STEAMING With Billy Byrd


| March/April 1983

  • Billy Byrd


  • Billy Byrd

Recently, Madisonville's Billy Byrd was pleasantly surprised to find himself on the receiving end of a long-distance telephone call from new York. Somewhere within the cavernous halls of Columbia Broad casting System, the decision had been made to do a radio story on a steam-powered railroad. Norman Morris, Senior Producer for CBS News, wasn't sure if such a thing existed or where it might be found. He placed a call to the AAR (Association of American Railroads), who in turn referred the request for information to steam authority Billy Byrd.

When the question was put to Billy, he immediately thought of the Crab Orchard & Egyptian Railroad (Marion, Illinois), the nation's only steam-powered, freight-hauling, common carrier railroad. More calls were exchanged and a date (October 12) was set for Billy and Norman Morris to meet in Marion. This meeting took place on schedule at the Marion airport. En route to the railroad, Morris quickly fell under the spell of Byrd's tales of the railroads.

The two went to the east end of the CO & E, a place called Mande, where some switching work was about to begin at a cluster of grain bins. The CBS producer, laden with recording equipment, walked around CO & E's workhorse steam locomotive, No. 17, as Billy pointed out and explained the workings of the big steamer. With tape running, Morris climbed to No. 17's cab and interviewed the crew members on board. Presently, Billy joined him and the action was under way.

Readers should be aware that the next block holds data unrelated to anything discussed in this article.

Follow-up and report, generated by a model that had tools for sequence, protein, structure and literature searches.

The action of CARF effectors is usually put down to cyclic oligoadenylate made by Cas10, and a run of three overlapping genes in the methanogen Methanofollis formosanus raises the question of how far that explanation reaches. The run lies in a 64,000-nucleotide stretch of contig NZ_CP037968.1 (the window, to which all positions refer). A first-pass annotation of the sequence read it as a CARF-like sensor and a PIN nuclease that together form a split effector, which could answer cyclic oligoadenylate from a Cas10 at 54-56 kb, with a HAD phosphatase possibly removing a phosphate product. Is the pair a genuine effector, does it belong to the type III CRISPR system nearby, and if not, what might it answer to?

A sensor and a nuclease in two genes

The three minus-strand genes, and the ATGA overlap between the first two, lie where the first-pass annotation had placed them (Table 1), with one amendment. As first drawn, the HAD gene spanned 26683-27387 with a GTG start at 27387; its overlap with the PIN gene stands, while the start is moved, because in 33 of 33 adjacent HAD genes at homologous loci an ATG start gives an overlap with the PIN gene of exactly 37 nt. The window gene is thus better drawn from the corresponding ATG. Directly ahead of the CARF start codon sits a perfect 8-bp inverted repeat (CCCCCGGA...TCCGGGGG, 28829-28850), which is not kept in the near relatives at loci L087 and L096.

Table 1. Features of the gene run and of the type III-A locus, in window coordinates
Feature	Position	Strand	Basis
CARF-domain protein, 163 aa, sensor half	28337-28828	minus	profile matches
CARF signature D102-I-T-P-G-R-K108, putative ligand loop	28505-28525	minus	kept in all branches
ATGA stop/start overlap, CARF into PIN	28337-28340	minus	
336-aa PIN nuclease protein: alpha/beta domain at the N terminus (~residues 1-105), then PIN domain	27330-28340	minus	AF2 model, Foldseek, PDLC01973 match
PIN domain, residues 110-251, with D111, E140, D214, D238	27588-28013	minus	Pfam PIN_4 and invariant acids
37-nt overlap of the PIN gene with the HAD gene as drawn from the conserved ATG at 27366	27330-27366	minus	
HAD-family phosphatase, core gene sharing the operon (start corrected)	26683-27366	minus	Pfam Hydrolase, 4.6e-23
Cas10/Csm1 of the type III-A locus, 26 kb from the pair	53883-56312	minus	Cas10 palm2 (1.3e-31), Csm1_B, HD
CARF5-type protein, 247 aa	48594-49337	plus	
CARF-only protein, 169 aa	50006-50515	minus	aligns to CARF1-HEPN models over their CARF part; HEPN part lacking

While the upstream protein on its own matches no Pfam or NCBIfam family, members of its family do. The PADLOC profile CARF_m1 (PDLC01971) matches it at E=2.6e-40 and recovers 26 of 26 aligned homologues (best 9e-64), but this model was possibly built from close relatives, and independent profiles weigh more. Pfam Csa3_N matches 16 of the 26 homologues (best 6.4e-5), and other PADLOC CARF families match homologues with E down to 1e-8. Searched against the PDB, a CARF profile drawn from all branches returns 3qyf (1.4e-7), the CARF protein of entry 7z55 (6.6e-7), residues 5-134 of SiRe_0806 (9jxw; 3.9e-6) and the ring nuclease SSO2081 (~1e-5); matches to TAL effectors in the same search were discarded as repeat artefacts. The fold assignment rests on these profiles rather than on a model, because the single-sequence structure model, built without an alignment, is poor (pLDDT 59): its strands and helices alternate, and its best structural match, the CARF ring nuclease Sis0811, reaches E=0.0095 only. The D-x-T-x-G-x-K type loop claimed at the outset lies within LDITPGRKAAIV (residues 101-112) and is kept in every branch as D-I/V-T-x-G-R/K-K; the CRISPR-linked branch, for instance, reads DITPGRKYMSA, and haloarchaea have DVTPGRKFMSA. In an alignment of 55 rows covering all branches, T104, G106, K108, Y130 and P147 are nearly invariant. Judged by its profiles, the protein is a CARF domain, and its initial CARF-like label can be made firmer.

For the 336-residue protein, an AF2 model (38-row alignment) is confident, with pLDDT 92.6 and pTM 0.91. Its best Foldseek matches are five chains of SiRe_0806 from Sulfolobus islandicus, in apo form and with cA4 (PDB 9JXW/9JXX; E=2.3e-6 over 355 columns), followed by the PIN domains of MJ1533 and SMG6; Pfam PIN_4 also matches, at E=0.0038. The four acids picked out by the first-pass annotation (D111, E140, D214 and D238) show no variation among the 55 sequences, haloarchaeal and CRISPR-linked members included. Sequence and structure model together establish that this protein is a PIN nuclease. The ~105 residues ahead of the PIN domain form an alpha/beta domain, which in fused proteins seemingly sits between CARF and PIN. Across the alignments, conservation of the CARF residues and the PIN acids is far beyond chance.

Morris readied his equipment to record the sounds of steam at work as the engineer eased No. 17 back and coupled onto a long string of loaded grain hoppers. With a gentle touch on the throttle, engineer Chuck Roehm, Jr. started the train in motion. The widely-spaced explosions of No. 17's exhausts told the story of tonnage being moved from a dead stop. Billy Byrd smiled with deep appreciation for those sounds, Norman Morris was all concentration as he worked to get the best from his sound equipment.



Some time later, Byrd switched from observer to engineer as he took a turn at No. 17's throttle.

Billy Byrd poses with Crab Orchard and Egyptian's 2-8-0 #17 that he ran for the CBS radio news special, which aired November 20 and 21, 1982. The story will be made into a TV documentary this Spring.



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